PadmaVonSamba wrote:viniketa wrote:For some time now (perhaps 15 years), I've been contemplating the question of whether or not Buddhism is 'elitist'. I've been fighting this conclusion, but the evidence from things I've read or seen seems to indicate it is, and has been so since almost the beginning. As much as a prescription for suffering, the teachings of Buddhism seem to lend themselves to justifying one's own elitist leanings. This seems so not only in the teachings on karma (a convenient way of dismissing the suffering of 'others') and accumulating merit, but also so in the description of the qualities of a Buddha along with the almost racial implications of terms included in Nāgārjuna's Dharma-sāṃgraha.
I'm very interested in reading others' thoughts on this, especially thought that indicate this is a wrong-view of the teachings.
No, Buddhism is not elitist.
All beings have equal potential to realize the perfect cessation of suffering.
But people also have different types of obstacles.
Obstacles, however, can also be used as stepping stones.
Whether one can turn his or her obstacles into stepping stones depends on many factors.
Feeling superior to others (elitism) is a very difficult obstacle to overcome
but overcoming it is the basis of humility,
and that is the first step in letting go of ego clinging.
If one sees elitism as being intrinsically either good or bad,
then there is no understanding of emptiness.
First, please make a distinction between the dharma teachings, said to be the words of the Buddha,
and the institution of buddhism.
Second, holding "karma' as a justification of the suffering of others is a misunderstanding.
The karma is what ripens in the mind, and has little to do with material or 'external' objects.
For example, a person who is greedy and stingy in this life will experience poverty in the next life.
This doesn't mean the person won't have money. That person may very well be born into the wealthiest of families.
But that wealth will never be enough. That person will always feel he doesn't have enough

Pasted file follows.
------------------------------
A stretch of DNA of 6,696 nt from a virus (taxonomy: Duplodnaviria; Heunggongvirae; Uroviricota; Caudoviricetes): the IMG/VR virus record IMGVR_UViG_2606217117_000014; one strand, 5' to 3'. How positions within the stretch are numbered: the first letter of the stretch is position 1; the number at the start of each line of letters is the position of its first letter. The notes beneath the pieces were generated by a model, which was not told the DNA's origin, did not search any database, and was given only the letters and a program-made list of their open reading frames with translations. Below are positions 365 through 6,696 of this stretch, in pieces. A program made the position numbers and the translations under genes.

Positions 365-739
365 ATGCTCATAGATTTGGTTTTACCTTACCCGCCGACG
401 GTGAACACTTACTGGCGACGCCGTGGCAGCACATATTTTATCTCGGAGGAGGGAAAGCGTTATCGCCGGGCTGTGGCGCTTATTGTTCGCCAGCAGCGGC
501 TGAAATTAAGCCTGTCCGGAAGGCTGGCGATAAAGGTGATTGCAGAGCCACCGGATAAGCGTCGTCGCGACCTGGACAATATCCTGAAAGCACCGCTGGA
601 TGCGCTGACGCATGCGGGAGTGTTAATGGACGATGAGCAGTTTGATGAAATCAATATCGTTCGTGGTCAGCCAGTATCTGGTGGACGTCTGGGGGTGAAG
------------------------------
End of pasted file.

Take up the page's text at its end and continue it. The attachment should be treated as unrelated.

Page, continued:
and as a consequence he will suffer the pain of poverty.
That is what is meant by karma.
Instead of going by what Nagarjuna may have said about the Buddha's appearance,
go by what the Buddha says in the Vajracchedikā Prajñāpāramitā (Diamond)Sutra:
"Subhuti, what do you think?
Can the Buddha be recognized by means of his bodily form?"
"No, Most Honored One, the Buddha cannot be recognized by means of his bodily form.
Why? Because when the Buddha speaks of bodily form, it is not a real form, but only an illusion."
The Buddha then spoke to Subhuti: "All that has a form is illusive and unreal.
When you see that all forms are illusive and unreal, then you will begin to perceive your true Buddha nature."
. . .
" Subhuti, what do you think, is it possible to see the Thus Come One in his physical appearances?"
"No World Honored One, it is not possible to see Thus Come One in his physical appearances.
Why? Because the physical appearances mentioned by the Thus Come One are not physical appearances."
The Buddha said to Subhuti,
"All appearances are empty and false.
If one sees all appearances
As no appearances,
Then one sees the Thus Come One."
It's usually a good idea to refer to the earliest texts to get a real sense of what the Buddha was discussing with his disciples. The Diamond Cutter Sutra is not from the earliest period of recorded texts, but it is an early Mahayana text and seems to capture well the style of the Buddha's teachings, and it may be derived from a very early text or oral teaching. In any case, the Buddha truly broke the mold when he taught outside the Brahmanic norms, and established a Dharma that would be democratic. In other words, he rejected caste, and taught the Dharma to all people regardless of their position in society. So, the original intent of Buddha was this open, democratic and free Dharma. To the extent that modern teachers or sanghas set up high societal bars to reach, economic barriers to enter, or design seminars only for the CEOs, the glitterati and the wealthy, this is a violation of what the Buddha intended. Whenever I see these 'glittered up' seminars, or ads that suggest special teachings at $10,000 a pop, I recoil. These kinds of seminars are shameful and only serve to diminish what Buddha was trying to teach.